Winter rains open season

I rise today to talk about the wonderful rains that have spread across this state not just this week but in the weeks leading up to this. It has led to the City of Adelaide having its wettest April since 1998, with nearly 100 millimetres falling over the city, but those good rains have extended over much of the state. I am particularly interested in it at this time of the year because, of course, we are at the very beginning of the 2020 winter cropping season.

Collectively, falls of about 10 to 20 millimetres have fallen across Eyre Peninsula; some places certainly have been higher in the south and the west, so that is a reasonable start for a lot of our West Coast farmers. There have been higher falls in the east of the state, 20 to 40 millimetres, which is not uncommon through the eastern state and even into the northern Mallee, so it is an excellent break. It is a solid break. It is the best one we have had for some time.

There have also been good rains in Victoria and New South Wales. This is significant of course because, particularly in New South Wales, we know they have been in drought for much of the past three years. It will lead to better flows down both the Murray and the Darling. There were better rains earlier this year across Queensland. They do not expect a lot of winter rain in Queensland, but the summer rains that they have there have given their winter croppers good soil moisture and have led to flows down the Darling. Western Australia is still waiting, but they can make do with a later break as long as they have good winter rains.

The Indian Ocean Dipole is in negative territory. That is actually a good thing, as it leads to better rains across the majority of the Australian continent. I do not always put a lot of store in long-range weather forecasts, but it is out there and we will go with it. We are certainly off to a good start.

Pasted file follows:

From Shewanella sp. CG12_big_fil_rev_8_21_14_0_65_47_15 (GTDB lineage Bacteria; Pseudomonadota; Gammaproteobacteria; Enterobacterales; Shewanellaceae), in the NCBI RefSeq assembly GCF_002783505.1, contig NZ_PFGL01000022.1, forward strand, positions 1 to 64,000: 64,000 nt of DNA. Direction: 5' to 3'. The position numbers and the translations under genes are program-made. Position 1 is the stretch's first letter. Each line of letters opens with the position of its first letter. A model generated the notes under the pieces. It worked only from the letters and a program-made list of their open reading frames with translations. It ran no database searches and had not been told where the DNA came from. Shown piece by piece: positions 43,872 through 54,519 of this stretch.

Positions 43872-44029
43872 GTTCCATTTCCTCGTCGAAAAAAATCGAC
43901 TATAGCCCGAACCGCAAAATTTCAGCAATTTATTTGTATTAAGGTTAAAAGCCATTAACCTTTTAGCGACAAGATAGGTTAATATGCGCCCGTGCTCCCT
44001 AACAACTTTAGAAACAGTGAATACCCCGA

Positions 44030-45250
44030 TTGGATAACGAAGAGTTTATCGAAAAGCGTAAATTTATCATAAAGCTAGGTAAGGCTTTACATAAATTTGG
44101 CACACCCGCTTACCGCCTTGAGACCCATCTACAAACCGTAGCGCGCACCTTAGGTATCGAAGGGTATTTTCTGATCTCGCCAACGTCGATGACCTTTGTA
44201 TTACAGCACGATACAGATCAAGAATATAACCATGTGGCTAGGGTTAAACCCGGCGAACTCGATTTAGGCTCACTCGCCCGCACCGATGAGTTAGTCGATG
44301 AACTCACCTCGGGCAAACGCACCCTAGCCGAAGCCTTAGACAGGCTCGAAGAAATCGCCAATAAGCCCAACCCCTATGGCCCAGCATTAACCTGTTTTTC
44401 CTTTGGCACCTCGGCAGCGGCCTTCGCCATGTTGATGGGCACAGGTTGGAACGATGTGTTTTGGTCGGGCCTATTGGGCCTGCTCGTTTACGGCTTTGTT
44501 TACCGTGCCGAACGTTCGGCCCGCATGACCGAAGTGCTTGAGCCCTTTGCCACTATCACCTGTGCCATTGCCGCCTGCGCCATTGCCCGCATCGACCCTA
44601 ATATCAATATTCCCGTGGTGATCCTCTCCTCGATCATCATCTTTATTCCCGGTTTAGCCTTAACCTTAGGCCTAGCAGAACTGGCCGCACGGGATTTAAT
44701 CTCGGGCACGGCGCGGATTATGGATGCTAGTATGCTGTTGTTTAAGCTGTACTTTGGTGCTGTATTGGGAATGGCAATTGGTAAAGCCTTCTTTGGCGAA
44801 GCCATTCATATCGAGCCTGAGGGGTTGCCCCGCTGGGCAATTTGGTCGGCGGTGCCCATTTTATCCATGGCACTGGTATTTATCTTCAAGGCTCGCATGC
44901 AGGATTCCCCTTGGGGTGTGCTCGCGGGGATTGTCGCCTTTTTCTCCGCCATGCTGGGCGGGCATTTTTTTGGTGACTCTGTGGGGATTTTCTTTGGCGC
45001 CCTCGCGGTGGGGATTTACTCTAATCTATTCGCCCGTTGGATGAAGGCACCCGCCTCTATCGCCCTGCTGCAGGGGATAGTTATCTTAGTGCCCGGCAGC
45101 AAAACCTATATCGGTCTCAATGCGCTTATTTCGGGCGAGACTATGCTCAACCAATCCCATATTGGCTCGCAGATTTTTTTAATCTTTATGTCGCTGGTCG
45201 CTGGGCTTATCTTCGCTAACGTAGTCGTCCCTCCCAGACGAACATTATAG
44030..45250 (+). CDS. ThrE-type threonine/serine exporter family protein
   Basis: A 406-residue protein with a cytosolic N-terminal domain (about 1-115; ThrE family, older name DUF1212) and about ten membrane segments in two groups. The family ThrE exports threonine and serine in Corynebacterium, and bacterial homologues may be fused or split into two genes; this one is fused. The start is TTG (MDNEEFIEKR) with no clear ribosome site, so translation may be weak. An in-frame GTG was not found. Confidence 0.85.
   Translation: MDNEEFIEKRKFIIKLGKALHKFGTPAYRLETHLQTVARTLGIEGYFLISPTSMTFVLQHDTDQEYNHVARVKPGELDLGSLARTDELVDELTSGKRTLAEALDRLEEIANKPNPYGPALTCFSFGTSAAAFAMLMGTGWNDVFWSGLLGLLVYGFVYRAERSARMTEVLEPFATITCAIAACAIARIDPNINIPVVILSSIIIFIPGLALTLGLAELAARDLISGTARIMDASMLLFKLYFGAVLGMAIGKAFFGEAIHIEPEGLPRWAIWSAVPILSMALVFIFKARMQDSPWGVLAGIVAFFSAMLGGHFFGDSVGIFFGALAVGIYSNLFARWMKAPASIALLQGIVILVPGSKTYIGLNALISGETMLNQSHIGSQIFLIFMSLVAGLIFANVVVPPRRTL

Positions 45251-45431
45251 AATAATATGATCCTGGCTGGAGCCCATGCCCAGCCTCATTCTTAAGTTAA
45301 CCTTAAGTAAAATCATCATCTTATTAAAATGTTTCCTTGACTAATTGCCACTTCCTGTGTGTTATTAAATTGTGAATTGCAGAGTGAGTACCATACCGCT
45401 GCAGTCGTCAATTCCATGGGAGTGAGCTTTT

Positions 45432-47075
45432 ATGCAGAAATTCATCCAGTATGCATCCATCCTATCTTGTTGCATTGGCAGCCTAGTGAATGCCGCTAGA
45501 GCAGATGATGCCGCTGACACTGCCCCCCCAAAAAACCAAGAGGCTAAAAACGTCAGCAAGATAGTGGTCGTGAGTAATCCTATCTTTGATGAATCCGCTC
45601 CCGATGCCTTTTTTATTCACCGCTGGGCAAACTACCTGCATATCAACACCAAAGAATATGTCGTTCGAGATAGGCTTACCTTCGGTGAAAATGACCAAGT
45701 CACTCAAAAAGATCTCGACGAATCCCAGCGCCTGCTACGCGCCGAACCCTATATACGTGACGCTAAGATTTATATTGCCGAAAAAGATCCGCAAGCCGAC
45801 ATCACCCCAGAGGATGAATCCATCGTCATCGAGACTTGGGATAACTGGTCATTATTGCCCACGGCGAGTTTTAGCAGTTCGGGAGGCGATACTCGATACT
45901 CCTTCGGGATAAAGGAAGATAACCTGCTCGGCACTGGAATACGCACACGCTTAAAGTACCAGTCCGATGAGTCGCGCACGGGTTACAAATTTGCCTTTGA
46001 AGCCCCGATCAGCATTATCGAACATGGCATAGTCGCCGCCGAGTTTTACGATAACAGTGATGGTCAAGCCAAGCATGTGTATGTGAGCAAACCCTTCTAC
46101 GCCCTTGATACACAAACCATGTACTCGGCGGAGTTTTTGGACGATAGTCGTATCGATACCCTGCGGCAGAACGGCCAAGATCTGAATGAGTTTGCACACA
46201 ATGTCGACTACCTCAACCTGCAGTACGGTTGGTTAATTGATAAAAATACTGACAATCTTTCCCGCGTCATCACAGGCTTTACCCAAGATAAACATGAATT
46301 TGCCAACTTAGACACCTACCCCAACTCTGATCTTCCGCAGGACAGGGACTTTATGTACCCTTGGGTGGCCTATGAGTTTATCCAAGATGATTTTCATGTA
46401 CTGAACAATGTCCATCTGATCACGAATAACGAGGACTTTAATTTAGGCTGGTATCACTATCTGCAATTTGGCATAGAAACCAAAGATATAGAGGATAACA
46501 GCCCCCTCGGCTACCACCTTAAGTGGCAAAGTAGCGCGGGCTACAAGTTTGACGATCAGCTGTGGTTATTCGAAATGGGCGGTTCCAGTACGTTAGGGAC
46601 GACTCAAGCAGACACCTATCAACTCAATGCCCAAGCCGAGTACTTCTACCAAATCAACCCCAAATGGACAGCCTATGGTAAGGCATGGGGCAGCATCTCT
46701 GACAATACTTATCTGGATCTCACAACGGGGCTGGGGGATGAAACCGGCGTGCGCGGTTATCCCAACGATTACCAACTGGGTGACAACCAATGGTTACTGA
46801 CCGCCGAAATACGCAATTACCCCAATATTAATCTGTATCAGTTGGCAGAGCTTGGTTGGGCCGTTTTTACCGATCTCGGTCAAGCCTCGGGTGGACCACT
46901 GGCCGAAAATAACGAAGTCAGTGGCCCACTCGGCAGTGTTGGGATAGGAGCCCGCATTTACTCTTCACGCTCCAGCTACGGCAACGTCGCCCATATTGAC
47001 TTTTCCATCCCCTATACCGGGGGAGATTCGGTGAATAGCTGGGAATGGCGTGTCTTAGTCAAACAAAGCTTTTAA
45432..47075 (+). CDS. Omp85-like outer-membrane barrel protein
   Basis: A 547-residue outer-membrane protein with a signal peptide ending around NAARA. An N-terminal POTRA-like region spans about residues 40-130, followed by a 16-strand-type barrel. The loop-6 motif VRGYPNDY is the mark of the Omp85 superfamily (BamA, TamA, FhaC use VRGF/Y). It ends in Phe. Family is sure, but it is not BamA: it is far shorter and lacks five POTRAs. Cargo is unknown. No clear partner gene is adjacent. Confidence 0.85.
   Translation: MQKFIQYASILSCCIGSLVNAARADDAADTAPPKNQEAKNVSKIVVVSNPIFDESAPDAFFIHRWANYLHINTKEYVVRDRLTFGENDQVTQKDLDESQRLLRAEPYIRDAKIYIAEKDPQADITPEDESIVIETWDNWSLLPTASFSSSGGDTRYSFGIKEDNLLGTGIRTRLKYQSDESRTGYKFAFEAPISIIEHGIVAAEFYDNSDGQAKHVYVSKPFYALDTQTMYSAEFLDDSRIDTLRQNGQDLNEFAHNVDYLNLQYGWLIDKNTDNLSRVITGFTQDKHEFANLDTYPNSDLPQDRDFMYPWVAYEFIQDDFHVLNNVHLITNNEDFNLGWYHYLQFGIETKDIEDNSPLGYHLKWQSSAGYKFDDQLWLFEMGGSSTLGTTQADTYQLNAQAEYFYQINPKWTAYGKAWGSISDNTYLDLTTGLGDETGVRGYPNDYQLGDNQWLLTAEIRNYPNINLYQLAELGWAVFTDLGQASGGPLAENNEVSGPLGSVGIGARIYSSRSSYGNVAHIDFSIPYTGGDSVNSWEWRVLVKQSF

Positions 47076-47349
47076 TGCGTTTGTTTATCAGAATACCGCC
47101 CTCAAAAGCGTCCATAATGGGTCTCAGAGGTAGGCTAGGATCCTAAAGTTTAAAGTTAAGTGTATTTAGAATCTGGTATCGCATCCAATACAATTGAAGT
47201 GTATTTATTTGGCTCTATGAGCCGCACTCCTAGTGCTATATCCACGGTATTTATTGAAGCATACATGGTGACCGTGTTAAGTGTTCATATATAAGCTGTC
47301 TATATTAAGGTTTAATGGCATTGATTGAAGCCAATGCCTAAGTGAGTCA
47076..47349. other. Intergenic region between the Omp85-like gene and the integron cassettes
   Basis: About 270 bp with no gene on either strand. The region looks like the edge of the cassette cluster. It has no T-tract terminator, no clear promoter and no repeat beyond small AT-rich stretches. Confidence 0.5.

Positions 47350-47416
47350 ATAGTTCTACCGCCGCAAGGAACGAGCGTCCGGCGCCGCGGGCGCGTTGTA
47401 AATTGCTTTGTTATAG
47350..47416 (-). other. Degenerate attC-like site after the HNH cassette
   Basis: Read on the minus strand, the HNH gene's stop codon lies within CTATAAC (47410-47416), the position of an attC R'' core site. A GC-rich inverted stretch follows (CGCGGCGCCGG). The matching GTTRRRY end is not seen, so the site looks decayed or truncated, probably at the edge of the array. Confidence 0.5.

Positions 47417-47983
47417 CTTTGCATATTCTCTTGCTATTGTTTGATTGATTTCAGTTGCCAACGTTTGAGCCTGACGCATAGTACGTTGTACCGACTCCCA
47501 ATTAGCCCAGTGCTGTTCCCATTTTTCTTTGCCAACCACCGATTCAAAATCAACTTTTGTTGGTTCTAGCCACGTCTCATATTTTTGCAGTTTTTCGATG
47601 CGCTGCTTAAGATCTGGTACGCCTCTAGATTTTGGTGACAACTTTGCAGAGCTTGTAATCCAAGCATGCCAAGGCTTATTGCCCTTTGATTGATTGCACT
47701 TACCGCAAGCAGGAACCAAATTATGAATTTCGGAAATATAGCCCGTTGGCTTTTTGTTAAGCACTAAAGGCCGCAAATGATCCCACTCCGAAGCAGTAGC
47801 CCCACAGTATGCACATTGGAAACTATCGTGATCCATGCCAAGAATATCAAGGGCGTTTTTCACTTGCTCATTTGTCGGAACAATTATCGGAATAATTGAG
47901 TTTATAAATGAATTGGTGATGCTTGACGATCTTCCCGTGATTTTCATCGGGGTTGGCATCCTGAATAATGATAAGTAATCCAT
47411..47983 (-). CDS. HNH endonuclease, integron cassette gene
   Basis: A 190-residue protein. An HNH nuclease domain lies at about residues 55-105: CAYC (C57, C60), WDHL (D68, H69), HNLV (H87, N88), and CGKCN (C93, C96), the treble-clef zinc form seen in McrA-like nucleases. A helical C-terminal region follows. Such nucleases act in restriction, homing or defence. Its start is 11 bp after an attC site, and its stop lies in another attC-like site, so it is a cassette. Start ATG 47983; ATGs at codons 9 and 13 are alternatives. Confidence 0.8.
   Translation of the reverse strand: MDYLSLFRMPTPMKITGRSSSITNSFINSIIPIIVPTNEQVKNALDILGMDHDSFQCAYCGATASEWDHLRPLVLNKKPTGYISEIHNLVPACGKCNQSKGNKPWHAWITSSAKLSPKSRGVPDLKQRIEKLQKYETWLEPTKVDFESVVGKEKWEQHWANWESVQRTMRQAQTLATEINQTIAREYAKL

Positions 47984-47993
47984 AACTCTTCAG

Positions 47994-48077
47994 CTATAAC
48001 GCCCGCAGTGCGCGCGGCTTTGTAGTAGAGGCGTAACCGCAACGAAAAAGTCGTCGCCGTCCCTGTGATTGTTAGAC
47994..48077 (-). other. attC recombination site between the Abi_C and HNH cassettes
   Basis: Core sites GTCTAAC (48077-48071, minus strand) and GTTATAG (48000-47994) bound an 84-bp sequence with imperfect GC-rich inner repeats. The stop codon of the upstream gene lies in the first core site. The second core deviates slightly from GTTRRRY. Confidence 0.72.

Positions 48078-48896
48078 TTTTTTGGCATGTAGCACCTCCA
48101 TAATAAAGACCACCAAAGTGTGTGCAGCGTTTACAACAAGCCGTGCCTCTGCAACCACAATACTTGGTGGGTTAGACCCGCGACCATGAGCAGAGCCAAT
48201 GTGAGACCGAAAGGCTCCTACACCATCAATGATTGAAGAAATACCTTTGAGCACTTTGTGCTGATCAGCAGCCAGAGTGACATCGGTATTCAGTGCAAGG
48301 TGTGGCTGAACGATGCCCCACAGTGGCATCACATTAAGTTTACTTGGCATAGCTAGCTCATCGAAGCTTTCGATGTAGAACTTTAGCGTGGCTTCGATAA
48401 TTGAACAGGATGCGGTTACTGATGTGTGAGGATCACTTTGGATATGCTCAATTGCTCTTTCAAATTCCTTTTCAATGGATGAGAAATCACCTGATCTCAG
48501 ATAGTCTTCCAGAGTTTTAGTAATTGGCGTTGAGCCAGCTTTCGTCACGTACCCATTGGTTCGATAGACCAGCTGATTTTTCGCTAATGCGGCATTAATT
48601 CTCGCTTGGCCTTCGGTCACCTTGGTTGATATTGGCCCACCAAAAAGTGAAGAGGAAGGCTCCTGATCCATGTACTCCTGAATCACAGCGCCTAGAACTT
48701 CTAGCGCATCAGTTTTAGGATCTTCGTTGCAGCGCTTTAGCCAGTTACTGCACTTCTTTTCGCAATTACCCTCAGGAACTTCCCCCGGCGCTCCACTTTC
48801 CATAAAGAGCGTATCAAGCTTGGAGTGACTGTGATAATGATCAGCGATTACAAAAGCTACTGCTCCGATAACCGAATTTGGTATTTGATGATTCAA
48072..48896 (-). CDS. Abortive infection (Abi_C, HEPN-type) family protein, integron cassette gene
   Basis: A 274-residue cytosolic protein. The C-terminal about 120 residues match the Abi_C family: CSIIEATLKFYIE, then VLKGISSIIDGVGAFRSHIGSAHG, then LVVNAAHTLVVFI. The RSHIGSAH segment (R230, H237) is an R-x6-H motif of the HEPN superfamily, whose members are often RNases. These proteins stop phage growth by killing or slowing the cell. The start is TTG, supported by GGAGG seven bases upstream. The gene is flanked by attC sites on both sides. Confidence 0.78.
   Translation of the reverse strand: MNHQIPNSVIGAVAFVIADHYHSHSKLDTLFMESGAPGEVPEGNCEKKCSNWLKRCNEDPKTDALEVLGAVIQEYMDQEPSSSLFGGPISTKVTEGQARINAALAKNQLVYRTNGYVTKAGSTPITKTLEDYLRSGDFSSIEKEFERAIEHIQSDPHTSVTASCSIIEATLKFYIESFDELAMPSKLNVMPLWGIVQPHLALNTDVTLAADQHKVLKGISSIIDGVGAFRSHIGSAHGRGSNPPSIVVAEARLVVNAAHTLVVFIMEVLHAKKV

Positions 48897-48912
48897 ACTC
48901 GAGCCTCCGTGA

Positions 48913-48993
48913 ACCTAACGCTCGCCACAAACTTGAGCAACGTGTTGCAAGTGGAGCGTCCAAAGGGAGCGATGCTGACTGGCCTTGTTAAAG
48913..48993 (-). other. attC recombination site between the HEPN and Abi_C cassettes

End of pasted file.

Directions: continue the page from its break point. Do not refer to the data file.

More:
Tractors are going across the state, across the cropping belt, from the Far West to the South-East. Cereal grains, such as wheat, barley and oats, are going into the ground, and canola, which is a spectacular and very important crop to the higher rainfall areas in the state. Of course, it has been much discussed this week in this place in relation to the GM bill. We are certainly pleased to get that through this place. Pulse crops, such as lentils, beans, peas, lupins and chickpeas—and there may be some I have forgotten—if not going in right now, are about to go in.

The Hon. T.J. Whetstone: Safflower.

Mr TRELOAR: Safflower—the Minister for Primary Industries reminds me. He may come up with some others I do not know in the remaining three minutes. Graziers are sowing pastures for feed into warm soil with good moisture in an effort to get their pastures going on the back of particularly good rains in New South Wales.

We have seen outstanding prices for our livestock. New South Wales carries more sheep than any other state in a normal year, and we in South Australia are in a prime position to supply them with restocking breeding ewes and we will see some really good prices.

The Hon. T.J. Whetstone interjecting:

Mr TRELOAR: Yes, I saw $444 for scanned one-year-old ewes in the Stock Journal today. Not everyone is going to get those prices, but they will certainly filter down. Grain prices are also strong. They are surprisingly strong really. There was certainly a drought premium in the market for the last two years. Here in South Australia we shipped wheat to New South Wales on a train out of Crystal Brook on a number of occasions, such was the shortfall that was over there.

COVID-19 has led to a further premium in the first half of this year for old season crop, surprisingly so, but it has been welcome. We are very much at the behest of domestic and world markets. Of course, we compete against other grain exporters around the world, so a lot will be dependent on what happens in their cropping season as well. We have a long way to go here, but we are certainly off to a good start.

I talked about the dynamics of the world economy earlier and, interestingly, we have an extremely low barrel price for oil and that is actually assisting our primary producers at the moment. The cost of diesel has dropped significantly and a lot of the input costs, such as nitrogenous fertilisers and chemicals, which are based on the petrochemical industry, we should see cheaper. So I believe South Australia is set for a good winter crop and a good harvest come November/December. Fingers crossed that the season continues as it is.


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